Capital Gazette wins special Pulitzer Prize citation for coverage of newsroom shooting that killed five



Drag racers drive on tracks that are flat and straight, but Steve Lamplough's track to racing success has featured more dips and curves than a roller coaster.

For the past month and a half, the 35-year-old mechanic with Marylander Racing Inc. in Severna Park has experienced both memorable highs and forgettable lows on the racing circuit.

"I guess you could say I've gone from champ to chump, from being a hero to a zero," said the Severna Park native with a slight laugh.

This past Saturday, his Top-Alcohol dragster encountered mechanical troubles -- forcing him out of competition during the qualifying rounds of the Maple Grove (Pa.) Summer National Hot Rod Association Division I Points Race.

"I guess these things come with the sport," said Lamplough, whose wife, Shelley, manages his racing team.

The 1973 Severna Park High graduate had been on a hot streak on the regional racing scene during May and early June. He garnered first-place finishes at Cecil County Dragway's NHRA Divisional Points race on June 6 and in the Supercharger Nationals at Budds Creek Raceway in St. Mary's County a month earlier.

In the Cecil County race, Lamplough ran his Citgo Superguard dragster more than 221 mph on the quarter-mile stretch (6.19 seconds) for his first win in the NHRA Division I Class. Last season he finished eighth in NHRA Division I, and 30th in the association's world rankings.

It was a day to remember for the entire Lamplough family. His oldest daughter, 18-year-old Dreamer, graduated from Chesapeake High earlier in the day, then the family had a graduation party at the Cecil County Dragway.

The following week, Lamplough blasted down the straightaway in 6.17 seconds (good enough for 10th out of 30 entrants) during the qualifying rounds of the NHRA Nationals in Columbus, Ohio. But he blew a tire early on, forcing him to the pits for the rest of the competition.

"Sure, I was disappointed, but I've been down before, believe me," said Lamplough. "If it [racing] was easy, I probably wouldn't doing it."

The part-time pro wrestling promoter and former Elvaton Little League baseball coach attributed his unexpected misfortune to the elevation and weather conditions on that sultry late-spring afternoon.

"I think the track surface was a little too hot there, plus we were up 2,400 feet [above sea level], so it's a little harder to generate a lot of power," said Lamplough. "When I won in Rising Sun [Cecil County], the conditions and the elevation were just right -- not too hot and about 50 feet above sea level.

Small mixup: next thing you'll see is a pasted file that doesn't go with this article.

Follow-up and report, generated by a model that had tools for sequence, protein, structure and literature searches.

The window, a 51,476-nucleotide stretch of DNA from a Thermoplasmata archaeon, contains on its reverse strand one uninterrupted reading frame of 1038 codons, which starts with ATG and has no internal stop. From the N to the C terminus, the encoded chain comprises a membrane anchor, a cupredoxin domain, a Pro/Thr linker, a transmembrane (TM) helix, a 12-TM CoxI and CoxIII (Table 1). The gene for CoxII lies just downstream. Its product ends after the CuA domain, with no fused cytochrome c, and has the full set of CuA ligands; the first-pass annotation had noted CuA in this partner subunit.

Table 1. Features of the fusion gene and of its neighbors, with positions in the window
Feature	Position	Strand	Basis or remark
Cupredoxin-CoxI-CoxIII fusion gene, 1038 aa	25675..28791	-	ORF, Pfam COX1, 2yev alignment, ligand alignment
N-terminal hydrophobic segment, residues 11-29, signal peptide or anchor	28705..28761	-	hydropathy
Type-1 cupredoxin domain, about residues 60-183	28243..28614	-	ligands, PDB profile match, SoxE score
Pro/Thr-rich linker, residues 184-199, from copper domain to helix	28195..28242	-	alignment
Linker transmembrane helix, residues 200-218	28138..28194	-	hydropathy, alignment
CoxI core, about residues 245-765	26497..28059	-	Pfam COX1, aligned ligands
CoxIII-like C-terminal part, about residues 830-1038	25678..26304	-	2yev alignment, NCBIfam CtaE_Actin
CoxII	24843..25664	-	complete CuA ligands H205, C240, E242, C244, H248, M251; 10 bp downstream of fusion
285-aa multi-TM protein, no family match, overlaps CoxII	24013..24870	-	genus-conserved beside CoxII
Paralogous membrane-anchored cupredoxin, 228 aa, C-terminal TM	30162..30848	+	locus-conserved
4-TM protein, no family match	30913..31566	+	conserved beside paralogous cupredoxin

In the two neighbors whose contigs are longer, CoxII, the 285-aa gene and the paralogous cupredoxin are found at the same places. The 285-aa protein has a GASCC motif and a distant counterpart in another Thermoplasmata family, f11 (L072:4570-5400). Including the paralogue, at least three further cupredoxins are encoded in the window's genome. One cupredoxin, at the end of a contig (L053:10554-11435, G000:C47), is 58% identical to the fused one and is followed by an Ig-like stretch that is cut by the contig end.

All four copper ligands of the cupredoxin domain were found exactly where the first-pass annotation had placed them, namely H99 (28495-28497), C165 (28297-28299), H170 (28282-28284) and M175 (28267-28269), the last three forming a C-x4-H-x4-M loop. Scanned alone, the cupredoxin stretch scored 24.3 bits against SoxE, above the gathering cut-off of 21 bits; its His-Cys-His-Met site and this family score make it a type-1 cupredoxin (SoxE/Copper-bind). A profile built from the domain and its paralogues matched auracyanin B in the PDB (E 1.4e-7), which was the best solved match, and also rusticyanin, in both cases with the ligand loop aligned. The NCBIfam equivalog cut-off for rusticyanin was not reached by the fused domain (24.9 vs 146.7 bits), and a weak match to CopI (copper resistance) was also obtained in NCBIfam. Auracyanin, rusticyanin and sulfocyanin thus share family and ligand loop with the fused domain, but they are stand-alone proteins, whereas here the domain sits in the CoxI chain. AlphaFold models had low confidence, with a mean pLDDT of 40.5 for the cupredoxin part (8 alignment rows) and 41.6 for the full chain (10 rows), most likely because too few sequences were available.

Before the Maple Grove race, Lamplough said, "The conditions in Pennsylvania should be excellent, it's about 100 feet above sea level and the track surface is excellent."

After the initial qualifying run there, he had placed in the middle of the pack of 28 cars vying for eight available spots. But just a few hundred feet into the race, his luck ran short once again. A blown blower belt cost him during his second qualifying run.

Lamplough takes what destiny has given him with a great deal of appreciation. He says he is grateful to be blessed with a healthy family (he also has a 15-year-old daughter, Melody). So he likes to work with those who aren't as blessed.

He often visits children with multiple sclerosis and takes part in many fund-raising events. He also shows his dragster to the children, and says that is something that gives him as much pleasure as the kids seem to enjoy from his visits.

"They love to look at the car. Just to see the looks on their faces, it's just a great feeling for me," Lamplough said. "It's shown me another facet of life. They never seem to give up on themselves."

Lamplough hasn't given up either, coming a long way from the days of putting the pedal to the metal of his 1969 Chevrolet Z28 around the local circuit.

In his early years of drag racing, he practically owned Crofton's Capital Raceway's Heavy Eliminator Class from 1973 until 1983. He reached the pinnacle of success at Crofton in 1985 when he was the track's top money-winner.

"I first started racing alcohol dragsters in 1983, and the first time I ran, I did about 163 mph. I'll tell you, it was a heck of a jump from doing 110 in my Z28," he said.

Lamplough will enter the La Grande Molson Championships in Montreal this weekend. He earned his first career alcohol-dragster win there in 1990.

"This is one of my favorite races. It's a big race to the Canadian people. They really show up in droves. Hopefully I'll come back here with a win," he said.

Lamplough eventually would like to move up a notch and race Nitro-Methane dragsters, which offer as much as 4,000 horsepower, nearly 2,000 more than alcohol-burning dragsters.

"Right now I'm about midway to where I want to be. Although I know it might take some time, my goal is to be quicker and faster than anyone who walks the earth," Lamplough said.

"But you can never be satisfied, and you have to take chances. Sometimes you wind up taking a step backward in order to get ahead."

Copyright © 2019, The Baltimore Sun, a Baltimore Sun Media Group publication | Place an Ad